Friday, September 19, 2014

Excited about GNOME 3.14

When I studied the usability of GNOME for my Master's degree, I was pleased that the GNOME designers took the results seriously and created "usability bugs" based on my findings. And this summer, I spoke about the usability of GNOME at GUADEC, and was again pleased that the GNOME developer and user community also views usability as a serious and present topic. At GUADEC, I learned that several of the bugs based on my usability study would make it into the next version of GNOME.

And the next version of GNOME is almost upon us!

A few days ago, Jakub shared a preview of GNOME 3.14 via a "making of" video. The video provides a brief view into all the hard work going into this release.

One thing that surprised me in Jakub's video was icon animation. I didn't realize that would be featured in the new GNOME. Animation is an important part of user experience, or "UX." The user experience is not "usability" per se, but it is a related topic. UX refers to the emotional engagement of the user to the program. It may be divorced from usability, but typically if a program has good usability it will effect good UX, and programs that have poor usability tend to effect bad UX.

Icon animation makes the desktop seem more approachable. For example, clicking on an icon to reveal a submenu where more program icons spring into existence helps the user relate the action of clicking on one icon to the appearance of the new icons—because they can see the action occur. You can see examples of GNOME animations starting at about 1:10 in Jakub's video.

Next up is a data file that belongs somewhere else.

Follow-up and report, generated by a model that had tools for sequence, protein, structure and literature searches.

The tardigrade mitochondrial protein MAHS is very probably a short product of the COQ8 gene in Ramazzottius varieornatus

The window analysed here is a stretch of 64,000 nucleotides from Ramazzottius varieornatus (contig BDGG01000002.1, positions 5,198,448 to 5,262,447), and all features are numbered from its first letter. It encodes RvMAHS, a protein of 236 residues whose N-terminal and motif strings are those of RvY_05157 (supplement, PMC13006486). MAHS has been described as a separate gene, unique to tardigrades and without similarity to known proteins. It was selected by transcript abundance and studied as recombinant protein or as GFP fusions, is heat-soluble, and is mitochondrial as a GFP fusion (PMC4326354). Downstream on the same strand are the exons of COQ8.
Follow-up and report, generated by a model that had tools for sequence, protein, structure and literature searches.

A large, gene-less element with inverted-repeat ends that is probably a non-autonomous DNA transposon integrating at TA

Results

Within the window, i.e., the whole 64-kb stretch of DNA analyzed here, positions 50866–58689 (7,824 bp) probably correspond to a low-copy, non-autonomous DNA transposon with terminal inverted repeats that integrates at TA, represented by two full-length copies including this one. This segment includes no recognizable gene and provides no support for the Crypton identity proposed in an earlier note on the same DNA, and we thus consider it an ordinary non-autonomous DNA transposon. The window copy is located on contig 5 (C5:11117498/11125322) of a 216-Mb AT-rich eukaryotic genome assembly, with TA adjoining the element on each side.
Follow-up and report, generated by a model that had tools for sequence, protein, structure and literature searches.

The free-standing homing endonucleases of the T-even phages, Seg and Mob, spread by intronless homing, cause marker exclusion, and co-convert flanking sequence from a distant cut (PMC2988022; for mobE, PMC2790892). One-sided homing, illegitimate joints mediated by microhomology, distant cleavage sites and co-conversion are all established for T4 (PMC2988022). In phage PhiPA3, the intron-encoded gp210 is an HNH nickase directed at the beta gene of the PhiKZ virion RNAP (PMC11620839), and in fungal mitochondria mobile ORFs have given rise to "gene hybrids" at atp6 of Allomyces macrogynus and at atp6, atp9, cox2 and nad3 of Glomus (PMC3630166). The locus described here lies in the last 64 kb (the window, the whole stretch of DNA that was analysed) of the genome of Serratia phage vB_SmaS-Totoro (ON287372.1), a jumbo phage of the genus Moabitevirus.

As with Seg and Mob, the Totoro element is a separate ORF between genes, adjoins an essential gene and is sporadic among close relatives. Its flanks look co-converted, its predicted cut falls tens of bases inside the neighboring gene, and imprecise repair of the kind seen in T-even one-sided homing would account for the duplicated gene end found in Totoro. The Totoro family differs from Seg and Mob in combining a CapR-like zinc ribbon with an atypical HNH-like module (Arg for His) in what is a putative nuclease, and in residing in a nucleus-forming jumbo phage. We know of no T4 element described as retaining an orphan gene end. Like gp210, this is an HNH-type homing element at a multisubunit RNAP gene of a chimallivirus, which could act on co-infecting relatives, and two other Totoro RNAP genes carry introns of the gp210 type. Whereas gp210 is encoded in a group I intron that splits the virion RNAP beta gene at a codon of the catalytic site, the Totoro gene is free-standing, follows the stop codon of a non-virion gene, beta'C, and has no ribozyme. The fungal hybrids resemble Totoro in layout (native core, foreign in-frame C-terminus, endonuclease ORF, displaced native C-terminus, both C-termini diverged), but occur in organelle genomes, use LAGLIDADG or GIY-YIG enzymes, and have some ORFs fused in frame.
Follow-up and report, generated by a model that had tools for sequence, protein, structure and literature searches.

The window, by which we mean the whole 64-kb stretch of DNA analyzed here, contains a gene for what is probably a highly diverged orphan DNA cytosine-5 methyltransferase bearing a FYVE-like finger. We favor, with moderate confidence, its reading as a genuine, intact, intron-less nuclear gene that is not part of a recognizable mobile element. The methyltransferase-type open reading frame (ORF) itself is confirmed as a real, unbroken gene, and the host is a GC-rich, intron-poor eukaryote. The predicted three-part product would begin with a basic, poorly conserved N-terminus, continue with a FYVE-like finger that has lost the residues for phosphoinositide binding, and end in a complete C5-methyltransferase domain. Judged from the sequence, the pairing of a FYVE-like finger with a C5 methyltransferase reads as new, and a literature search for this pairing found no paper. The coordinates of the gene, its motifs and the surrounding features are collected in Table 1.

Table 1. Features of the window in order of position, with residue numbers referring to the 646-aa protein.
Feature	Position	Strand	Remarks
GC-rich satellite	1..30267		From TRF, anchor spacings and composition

Today, Allan confirmed via his blog that GNOME 3.14 is on its way. Allan shares these features:

New animations
Yes, the animations previewed by Jakub are there. See the video in Allan's post to see icon animation in Applications View.
Google Images in Photos
"The big news for 3.14 is that Photos will now pick up your Google photos, so any images you’ve uploaded with Picasa, Android, or posted on Google+ will be immediately available there."
Rewritten Adwaita
"Everything feels crisper, sharper, and a bit lighter. There’s also a lot of subtle animations now (thanks to CSS animation support in GTK+), adding to the feeling of polish."
Search More Things
"The number of applications that are feeding results to system search has continued to increase with 3.14, with two really useful new additions:" Clocks and Calculator.
GTK+ Inspector
A new tool for developers.

Update: I think what excites me most is seeing the results of my usability testing, and the improvement in GNOME 3.14. For example, Software includes several changes based on my usability test findings: New first run dialog which explains what the app does, and Moved the Install / Remove buttons down from the headerbar to a more prominent position.

The release notes for GNOME 3.14 should be posted next week.
image: gnome.org

When the canary dies, get out of the garden

Reported at Gigaom and elsewhere, Apple's "warrant canary" has disappeared, suggesting new Patriot Act demands. In this case, a canary refers to a statement on a website or in a report that states something about the company or its security. For example, a company might add a canary statement to their website's footer that "We have not been compelled to add a security backdoor to our products." If that canary statement disappears from the website, you can assume the company has been compelled to add a security backdoor.

Why the canary? Such demands are usually accompanied by a non-disclosure statement. The company cannot let its customers know that their products now have a backdoor. But a canary is different, a sort of compromise. Like the canary in a coal mine, when the canary statement disappears ("dies") it's time to get out.

When Apple published its first Transparency Report on government activity in late 2013, the document contained an important note (page 5, see PDF) that stated: "Apple has never received an order under Section 215 of the USA Patriot Act. We would expect to challenge such an order if served on us." Section 215 of the Patriot Act permits the National Security Agency to demand companies to hand over their business records in secret. It also vastly expands the FBI's power to spy on ordinary people living in the United States, and those served with Section 215 orders are prohibited from disclosing the fact.